AUTHER (on camera): Al Gore has an image in California of being attentive to this state, with more than 70 visits since his vice presidency. Bill Bradley has a strong record of working on California issues while in the Senate. Still, many pundits say Al Gore is just one week away from concentrating all of his efforts on the general election.

Jennifer Auther, CNN, Los Angeles.


JORDAN: And of course you can stay tuned to CNN for the latest in Election 2000. Tonight at 9:00 the Democratic candidates hash out the issues in a CNN/"L.A. Times"-sponsored debate. Thursday, it's the Republicans' turn to debate; that's at 9:00 p.m. Eastern Standard Time.

TOM HAYNES, CO-HOST: We shift our attention now to the desperate situation in Mozambique. Flood waters continue to devastate parts of the South African nation. Rescuers flying in helicopters struggled to evacuate thousands of people clinging to trees and trapped on rooftops as flood waters continued to rise. Hundreds are estimated to have been killed, and Mozambique's president says the situation is only getting worse. Torrential rains and overflowing dams in neighboring Zimbabwe to the west are blamed for much of the flooding.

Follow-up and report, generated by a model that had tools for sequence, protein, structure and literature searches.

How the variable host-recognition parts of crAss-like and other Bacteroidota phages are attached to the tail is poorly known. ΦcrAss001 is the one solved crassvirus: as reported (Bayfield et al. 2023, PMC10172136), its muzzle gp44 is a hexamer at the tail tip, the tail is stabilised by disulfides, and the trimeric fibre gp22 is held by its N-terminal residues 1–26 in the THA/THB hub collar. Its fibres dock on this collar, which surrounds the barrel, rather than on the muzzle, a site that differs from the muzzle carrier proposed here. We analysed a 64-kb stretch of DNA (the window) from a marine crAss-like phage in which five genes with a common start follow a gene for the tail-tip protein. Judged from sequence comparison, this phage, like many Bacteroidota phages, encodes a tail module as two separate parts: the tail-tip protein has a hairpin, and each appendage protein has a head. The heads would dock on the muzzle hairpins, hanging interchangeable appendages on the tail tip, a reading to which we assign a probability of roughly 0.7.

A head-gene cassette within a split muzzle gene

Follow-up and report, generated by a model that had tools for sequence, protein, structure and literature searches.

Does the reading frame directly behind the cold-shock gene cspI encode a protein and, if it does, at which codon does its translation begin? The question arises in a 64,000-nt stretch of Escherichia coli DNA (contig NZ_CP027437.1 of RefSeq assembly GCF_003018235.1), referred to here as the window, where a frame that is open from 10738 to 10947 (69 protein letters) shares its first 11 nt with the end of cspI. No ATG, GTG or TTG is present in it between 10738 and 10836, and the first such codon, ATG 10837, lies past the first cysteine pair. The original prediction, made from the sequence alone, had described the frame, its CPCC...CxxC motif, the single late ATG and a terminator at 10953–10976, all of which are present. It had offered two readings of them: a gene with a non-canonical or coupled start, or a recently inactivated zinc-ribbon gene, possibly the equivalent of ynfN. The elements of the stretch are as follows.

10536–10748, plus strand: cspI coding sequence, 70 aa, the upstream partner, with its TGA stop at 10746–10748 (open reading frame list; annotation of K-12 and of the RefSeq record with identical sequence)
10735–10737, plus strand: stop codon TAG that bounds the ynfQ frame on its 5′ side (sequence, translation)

CYNDE STRAND, CNN CORRESPONDENT (voice-over): These people have been waiting since Saturday for help, after fast-moving floods from the Limpopo River forced whole villages to scramble anyplace above the waterline.

This rescuer, willing to take an extraordinary risk to save a small child.

(on camera): Solid ground is a 10-minute helicopter ride away, but for many of these people, it is the farthest journey they have ever taken.